In the Grossman (1972) model health has an investment and consumption value for consumers. Health cannot be purchased; it must be produced using medical care and a patient’s time as inputs. Medical care in turn consists of labor, medical devices, pharmaceutical products, and other technology. Consumers’ demand for medical care is thus derived from their demand for health (Grossman, 1972).
As Phelps (2010) points out, it is important to distinguish “…physicians as inputs into a productive process; physicians as entrepreneurs; and the final product of physician services, the actual event that involves patients.” A solo practicing physician is an entrepreneur who manages capital inputs, nursing and other labor inputs, and her own labor input. Physicians in group practices have the added challenge of designing incentives to manage many physicians’ inputs. We refer to the product provided by a solo physician or group practice as “physician services,” but clearly this consists of a combination of diagnostic tests, referral decisions, and procedures that may occur in the office, a separate outpatient facility, or a hospital. Physician services are produced with physician time, nurse time, other labor inputs, and capital. A group practice will hire physicians until the marginal revenue product equals the wage, w. The aggregate labor-demand curve depicted in Figure 1 (D0) is the summation of the firm-level marginal revenue products. Although we focus here on a group practice, the market wage represents the opportunity cost for a physician considering operating on her own in a solo practice or the amount offered by another group practice in the same city.
Consider a simple physician services production function with the only inputs being physicians and capital (K). Using the terminology in Hamermesh (1993), the price elasticity of labor demand, ηLL, is:
where s is the share of labor in total revenue (or costs), σ is the elasticity of substitution between labor and capital, and η is the product demand elasticity (i.e. the price elasticity for physician services in our example). Labor demand is relatively inelastic when labor’s share is high, it is difficult to substitute capital for labor, and demand for the final product is inelastic. The cross-elasticity of demand for labor in response to a change in the price of capital (or a different labor input in a more realistic production function), ηLK, is:
Now consider a shift outward in the demand for physician services as a result of increased consumer income. Initially the quantity of services demanded will increase at the original prices; if supply is not perfectly elastic, as is assumed in Figure 1, prices will increase. A physician’s marginal revenue product increases as a result of the higher price of physician services in the output market, so the demand for physicians shifts from D0 to D1. Wages and the quantity of hours will rise in the short run to W1 and Q1, respectively. More college graduates will enter medicine now that ΔY has increased. If students have static or “cobweb” income expectations, they will expect the wage to remain permanently at W1. In this case supply will increase substantially in the long run, thereby creating a surplus of physicians, a subsequent reduction of the flow of students into medicine as the wage falls, and endless cycles of surpluses and shortages (e.g. Freeman, 1976). There is considerable empirical evidence, however, that the income expectations of prospective engineers, lawyers, and teachers are forward looking; they correctly anticipate that cohorts will arbitrage away temporary rents, and correctly expect the new long-run wage to be W2 (Ryoo and Rosen, 2004; Zarkin, 1985; Siow, 1984). In fact, Nicholson and Souleles (2001) find that medical students in the US anticipate future earnings changes when forming their own income expectations during the fourth year of medical school.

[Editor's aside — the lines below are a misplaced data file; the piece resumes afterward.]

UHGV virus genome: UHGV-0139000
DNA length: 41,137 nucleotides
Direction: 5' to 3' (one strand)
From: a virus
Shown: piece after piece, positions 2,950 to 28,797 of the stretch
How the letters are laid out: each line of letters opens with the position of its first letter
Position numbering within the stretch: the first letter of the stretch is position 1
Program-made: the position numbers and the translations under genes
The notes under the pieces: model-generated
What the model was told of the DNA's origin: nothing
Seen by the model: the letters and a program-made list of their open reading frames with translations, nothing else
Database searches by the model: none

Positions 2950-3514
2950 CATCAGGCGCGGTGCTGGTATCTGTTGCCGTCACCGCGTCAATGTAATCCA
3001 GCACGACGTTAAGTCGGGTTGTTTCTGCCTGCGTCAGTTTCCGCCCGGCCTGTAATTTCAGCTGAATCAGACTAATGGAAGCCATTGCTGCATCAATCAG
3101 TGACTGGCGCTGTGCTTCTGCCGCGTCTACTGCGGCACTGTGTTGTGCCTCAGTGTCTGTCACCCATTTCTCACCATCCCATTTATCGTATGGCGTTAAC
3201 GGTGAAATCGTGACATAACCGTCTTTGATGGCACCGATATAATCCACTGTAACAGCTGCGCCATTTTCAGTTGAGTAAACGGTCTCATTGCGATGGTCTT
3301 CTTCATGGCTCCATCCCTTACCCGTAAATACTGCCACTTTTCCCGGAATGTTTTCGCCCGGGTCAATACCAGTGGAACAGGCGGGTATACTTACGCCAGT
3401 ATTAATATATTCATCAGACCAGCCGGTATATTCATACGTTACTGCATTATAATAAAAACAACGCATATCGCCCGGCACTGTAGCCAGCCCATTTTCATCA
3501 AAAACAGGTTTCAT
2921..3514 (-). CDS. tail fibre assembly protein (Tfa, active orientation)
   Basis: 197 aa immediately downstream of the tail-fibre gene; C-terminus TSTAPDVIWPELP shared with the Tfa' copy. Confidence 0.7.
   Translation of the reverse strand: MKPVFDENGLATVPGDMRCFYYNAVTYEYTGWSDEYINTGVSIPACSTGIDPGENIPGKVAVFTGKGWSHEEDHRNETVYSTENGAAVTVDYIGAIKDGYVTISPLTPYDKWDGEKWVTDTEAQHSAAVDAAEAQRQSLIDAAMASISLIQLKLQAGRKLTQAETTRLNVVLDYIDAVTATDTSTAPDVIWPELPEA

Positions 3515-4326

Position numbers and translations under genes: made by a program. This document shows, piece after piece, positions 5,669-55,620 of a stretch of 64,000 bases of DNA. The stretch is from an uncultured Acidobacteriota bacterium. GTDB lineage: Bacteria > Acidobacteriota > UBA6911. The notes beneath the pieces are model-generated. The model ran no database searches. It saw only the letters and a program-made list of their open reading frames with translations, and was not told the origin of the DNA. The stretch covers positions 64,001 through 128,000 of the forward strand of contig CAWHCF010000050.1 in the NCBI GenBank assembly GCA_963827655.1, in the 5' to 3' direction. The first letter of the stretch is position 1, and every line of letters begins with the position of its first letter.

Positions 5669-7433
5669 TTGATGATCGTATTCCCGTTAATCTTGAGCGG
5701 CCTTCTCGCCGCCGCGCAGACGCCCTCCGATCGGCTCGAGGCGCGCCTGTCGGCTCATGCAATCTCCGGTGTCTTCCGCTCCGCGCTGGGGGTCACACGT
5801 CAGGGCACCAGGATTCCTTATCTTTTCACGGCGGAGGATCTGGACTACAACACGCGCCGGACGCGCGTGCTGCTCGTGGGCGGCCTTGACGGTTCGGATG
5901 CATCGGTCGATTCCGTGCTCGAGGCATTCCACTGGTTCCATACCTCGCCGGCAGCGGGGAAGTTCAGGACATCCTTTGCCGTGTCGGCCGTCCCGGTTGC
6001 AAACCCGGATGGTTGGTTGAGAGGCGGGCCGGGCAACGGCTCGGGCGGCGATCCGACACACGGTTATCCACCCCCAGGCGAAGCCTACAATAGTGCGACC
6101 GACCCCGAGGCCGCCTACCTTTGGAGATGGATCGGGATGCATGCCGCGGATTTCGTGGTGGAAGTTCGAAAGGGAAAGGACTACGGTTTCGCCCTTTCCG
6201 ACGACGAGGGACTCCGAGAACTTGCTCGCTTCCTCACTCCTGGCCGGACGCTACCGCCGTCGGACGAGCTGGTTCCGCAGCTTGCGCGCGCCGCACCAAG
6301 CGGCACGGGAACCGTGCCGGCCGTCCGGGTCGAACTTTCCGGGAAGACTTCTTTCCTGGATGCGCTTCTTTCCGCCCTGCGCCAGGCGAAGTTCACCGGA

Labor surpluses and shortages will be self-correcting in efficient labor markets. If physicians are willing to supply more hours than firms are willing to hire at the prevailing wage, wages and physician incomes should fall. As the occupation becomes less attractive and fewer college graduates enter medicine, the reduced flow of newly trained physicians will increase wages and expected earnings until the financial return to medical education is once again commensurate with the return in other professions (adjusted by the equalizing differences). Conversely, if there is a shortage such that patients must wait months to schedule an appointment with a physician, consumers and/or health insurers will bid up physician fees, such that wages and physician earnings rise. Higher earnings will encourage a greater number of students to enter medicine until long-run supply again equals demand.